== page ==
August 4, Hanoi , SDS group

October 10-17, Paris, Rennie Davis and David Dellinger.

October 11-12, Stockholm, Irving Sarnoff and Ron Young.

October 15, Havana, George Cavalletto.

Late November, Havana, Julie Nichamin, Diana Oughton, John Butney (phonetic), Bruce Goldberg, Brian Murphy, Bill Thomas, Bill Drew, Phoebe Hirsch, Jerry Long. Arlene Bergman, Allen Young, Jerry Long; John McAuliff, Al Martinent. Weathermen: : Nichamin, Pierre Joseph Barthel, Neal Birnbaum, Marianne Camp, Sonia Helen Dettman, Linda Sue Evans, Laura Ann Obert, Nicholas Britt Riddle, Sheila Marie Ryan, Jeffrey David Sokolow, Mallorie N. Tolles, Robert Greg Wilfong, and Donna Jean Willmott, Willie Brand and Wendy Yoshimira, Bert Garskof, Sandy Pollack, Leslie Cagan.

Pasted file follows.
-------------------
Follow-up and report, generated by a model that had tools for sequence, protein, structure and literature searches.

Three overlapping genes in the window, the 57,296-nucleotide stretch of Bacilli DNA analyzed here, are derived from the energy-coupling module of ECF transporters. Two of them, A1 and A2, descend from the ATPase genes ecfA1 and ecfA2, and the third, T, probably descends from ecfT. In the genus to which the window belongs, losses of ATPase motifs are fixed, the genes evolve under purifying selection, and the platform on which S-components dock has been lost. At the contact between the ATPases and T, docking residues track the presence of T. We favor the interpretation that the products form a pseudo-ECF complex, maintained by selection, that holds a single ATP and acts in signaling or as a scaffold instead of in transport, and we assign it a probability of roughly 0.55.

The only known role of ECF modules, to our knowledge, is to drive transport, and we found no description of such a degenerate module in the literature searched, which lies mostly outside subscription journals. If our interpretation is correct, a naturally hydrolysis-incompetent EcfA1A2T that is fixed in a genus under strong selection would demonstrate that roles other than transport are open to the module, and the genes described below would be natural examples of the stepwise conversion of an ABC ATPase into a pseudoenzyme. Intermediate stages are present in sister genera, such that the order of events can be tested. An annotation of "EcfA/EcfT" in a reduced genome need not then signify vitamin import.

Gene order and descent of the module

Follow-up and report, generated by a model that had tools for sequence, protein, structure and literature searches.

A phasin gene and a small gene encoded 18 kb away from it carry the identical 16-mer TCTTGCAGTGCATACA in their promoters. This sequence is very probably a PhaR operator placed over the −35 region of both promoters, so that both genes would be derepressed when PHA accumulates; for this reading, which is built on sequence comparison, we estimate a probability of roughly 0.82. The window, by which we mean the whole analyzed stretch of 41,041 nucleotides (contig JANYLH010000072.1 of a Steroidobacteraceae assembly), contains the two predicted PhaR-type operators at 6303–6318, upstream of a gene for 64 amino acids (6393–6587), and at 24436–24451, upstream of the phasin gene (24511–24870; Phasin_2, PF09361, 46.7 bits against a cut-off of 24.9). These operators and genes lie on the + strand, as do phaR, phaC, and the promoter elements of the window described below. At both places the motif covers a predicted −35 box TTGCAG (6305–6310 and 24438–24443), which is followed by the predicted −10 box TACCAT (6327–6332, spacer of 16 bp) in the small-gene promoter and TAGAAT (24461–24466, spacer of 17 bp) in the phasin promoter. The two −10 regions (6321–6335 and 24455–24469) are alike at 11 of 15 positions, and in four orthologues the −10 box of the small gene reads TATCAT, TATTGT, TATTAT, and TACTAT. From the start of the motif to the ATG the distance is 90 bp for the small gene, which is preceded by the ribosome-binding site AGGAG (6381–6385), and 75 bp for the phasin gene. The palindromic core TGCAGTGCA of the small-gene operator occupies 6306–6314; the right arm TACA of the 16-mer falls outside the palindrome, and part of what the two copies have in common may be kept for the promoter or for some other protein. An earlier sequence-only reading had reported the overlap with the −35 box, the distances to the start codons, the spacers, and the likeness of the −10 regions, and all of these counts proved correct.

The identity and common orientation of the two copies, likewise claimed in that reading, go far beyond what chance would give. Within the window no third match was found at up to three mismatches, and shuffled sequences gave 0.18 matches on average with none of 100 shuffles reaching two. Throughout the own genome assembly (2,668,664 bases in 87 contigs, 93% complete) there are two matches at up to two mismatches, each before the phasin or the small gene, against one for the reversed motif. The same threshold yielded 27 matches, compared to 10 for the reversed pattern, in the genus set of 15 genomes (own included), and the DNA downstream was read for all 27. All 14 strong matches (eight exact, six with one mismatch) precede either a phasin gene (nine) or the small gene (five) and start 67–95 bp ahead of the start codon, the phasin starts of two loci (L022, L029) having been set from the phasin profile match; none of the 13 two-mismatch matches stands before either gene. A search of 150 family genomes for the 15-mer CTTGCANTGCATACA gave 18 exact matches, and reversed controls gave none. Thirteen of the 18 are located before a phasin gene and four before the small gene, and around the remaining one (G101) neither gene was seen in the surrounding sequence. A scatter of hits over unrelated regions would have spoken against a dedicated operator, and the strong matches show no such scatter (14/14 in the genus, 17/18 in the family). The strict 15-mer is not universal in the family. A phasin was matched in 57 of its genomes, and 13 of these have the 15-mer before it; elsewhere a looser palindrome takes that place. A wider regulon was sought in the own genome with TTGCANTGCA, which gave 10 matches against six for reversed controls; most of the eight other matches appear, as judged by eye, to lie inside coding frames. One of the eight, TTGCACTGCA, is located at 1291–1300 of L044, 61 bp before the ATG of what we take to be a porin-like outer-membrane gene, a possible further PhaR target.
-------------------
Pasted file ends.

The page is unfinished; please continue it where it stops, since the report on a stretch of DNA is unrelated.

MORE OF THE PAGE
December 1969 Hanoi, Cora Weiss, Ethel Taylor and Madeleine Duckles.

1970

January 31, 1970 Quebec, Montreal, Sylvia Kushner Katherine Camp, Arnold Johnson, and Stewart Meacham Stanley Faulkner, Joseph Crown, Pauline Rosen, Rev. Richard Norford

February 7-8, Vancouver, British Columbia, Carlton Goodlett and Irving Sarnoff and 125 others.

March 24- June 10, Hanoi, Stockholm, Moscow, Nancy Kurshan Rubin, Anita Susan Kushner Hoffman, Judith Gumbo Genie Plamondon.

March 28-30, Stockholm Robert Greenblatt, Irving Sarnoff, William Davidon, Doug Dowd, Carlton Goodlett, Sylvia Kushner, Noam Chomsky, Richard Fernandez, Nancy Kurshan Rubin, Anita Hoffman Judith Clavir and 34 other Americans.